Flex Time

Victoria Gibbs ’07 makes her mark in the world of competitive yoga.

Gibbs stood near the ring at Gleason’s Gym, Brooklyn’s famous boxing mecca, stretching her long, lean limbs. When the emcee announced her name, she climbed between the ropes and walked to the center of the floor. I’ve gotta nail this, she thought. Bringing her hands together in front of her heart, she bowed to the judges, took a deep breath, and began.

Gibbs wasn’t there to box. She was competing in the 2016 New York Regional Yoga Asana Championship. The notion of competitive yoga may seem like an oxymoron, but the sport, which is akin to gymnastics or bodybuilding, dates back two centuries. Competitors have three minutes to perform six postures (or asanas), holding each for three to five seconds. Judges score the performances.

That day in Brooklyn, Gibbs deftly maneuvered through her routine. Her favorite posture, Tiger Scorpion—which involves balancing on forearms, then bringing the feet overhead to touch the forehead—nearly sent her toppling over. “We practice these postures all the time, and then as soon as you’re in front of a panel of judges, nerves kick in,” she says. “I gave it everything I had, pushing back up in the posture. It was the strongest moment of my life.”

She finished second and qualified for nationals. Posing for photos with her medal dangling around her neck, Gibbs knew what she’d overcome to get there—addiction, loss, depression—but she had no idea she was on the cusp of another fight for her life.

Growing up in Skillman, New Jersey, Gibbs started ballet at age 4. By middle school she was on the professional track, but her dream of becoming a dancer shattered at 16 when she tore her meniscus. After surgery, she was so concerned about gaining weight that she developed an eating disorder. It lasted for more than a decade. She also faced a new future. “I started to zero in on college and what would be practical and realistic,” she says. “The world of ballet is so challenging. Not everyone is going to be a prima ballerina.”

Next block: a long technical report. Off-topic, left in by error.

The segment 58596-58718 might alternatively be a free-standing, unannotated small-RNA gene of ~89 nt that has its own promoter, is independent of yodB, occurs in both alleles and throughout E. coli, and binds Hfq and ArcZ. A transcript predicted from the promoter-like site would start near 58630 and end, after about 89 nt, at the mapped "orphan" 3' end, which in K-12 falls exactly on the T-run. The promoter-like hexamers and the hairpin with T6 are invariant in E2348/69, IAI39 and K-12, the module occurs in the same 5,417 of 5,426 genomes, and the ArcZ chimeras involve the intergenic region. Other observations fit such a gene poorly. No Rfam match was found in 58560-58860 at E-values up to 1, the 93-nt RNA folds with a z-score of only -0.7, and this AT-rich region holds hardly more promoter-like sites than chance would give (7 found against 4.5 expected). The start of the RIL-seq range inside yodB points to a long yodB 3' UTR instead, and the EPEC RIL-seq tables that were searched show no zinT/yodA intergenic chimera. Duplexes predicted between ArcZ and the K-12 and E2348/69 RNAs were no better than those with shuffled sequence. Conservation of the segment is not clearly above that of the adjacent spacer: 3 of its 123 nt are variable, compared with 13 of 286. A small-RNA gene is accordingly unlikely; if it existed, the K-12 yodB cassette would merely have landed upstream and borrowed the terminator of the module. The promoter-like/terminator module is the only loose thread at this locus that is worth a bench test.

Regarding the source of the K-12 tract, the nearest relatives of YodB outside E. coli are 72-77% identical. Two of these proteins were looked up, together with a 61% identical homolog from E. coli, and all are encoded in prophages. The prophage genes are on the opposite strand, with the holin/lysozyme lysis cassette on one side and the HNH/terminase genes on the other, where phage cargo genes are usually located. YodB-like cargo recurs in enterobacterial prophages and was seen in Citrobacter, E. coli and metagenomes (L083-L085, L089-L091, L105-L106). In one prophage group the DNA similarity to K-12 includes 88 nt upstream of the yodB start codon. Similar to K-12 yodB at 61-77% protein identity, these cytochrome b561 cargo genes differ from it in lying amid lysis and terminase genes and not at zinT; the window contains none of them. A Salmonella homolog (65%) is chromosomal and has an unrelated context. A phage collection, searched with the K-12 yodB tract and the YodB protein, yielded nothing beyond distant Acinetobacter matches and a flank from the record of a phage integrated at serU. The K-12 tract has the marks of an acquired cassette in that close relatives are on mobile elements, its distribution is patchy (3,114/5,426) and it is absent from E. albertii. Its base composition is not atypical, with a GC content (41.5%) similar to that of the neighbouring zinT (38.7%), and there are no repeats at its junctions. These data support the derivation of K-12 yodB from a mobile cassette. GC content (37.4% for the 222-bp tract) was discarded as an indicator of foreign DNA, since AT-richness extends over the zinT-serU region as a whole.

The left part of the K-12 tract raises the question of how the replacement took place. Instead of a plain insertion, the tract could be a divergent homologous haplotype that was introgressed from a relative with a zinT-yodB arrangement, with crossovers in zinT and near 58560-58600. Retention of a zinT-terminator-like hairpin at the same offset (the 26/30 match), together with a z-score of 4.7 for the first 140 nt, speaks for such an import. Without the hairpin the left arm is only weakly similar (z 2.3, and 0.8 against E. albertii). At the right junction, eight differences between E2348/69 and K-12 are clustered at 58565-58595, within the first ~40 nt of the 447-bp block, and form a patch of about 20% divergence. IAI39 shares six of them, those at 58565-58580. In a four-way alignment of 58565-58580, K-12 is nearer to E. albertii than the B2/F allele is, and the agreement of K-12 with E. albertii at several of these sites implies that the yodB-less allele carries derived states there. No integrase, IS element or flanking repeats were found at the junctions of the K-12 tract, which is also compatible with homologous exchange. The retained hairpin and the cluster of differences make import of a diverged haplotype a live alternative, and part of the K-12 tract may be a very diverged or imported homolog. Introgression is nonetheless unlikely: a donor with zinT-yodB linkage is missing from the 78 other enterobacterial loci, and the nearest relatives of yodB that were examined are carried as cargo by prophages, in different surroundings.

After graduating from Dartmouth with a degree in psychology, Gibbs moved to Santa Barbara, California, with her best friend, Katherine Cullinan ’08, and got a job in fashion. Her eating habits improved. She felt happy. But everything changed in August 2008. Her father had quadruple bypass heart surgery and, the next day, Cullinan died by suicide. “My world shattered instantly. It took a long time to come to a point where I didn’t blame myself for her death.”

Depressed and lost, Gibbs moved home. For years she worked office support jobs, struggled with drinking, and tolerated therapy. Nothing helped—until 2012, when she wandered into a yoga studio. After one class, she was hooked. Yoga reminded her of ballet: the warm-up, the discipline, poses to master. When a teacher suggested competitive yoga, she thought, “I’ll give anything a shot.”

Gibbs was a natural.

“The things she can do with her body, not many people can do,” says Jared McCann, a two-time national and 2013 world asana champion. “If you see a picture of her standing bow—a classic yoga posture on one leg, doing a split but standing on one foot—her alignment, precision, and grace in a really difficult posture is just perfect.”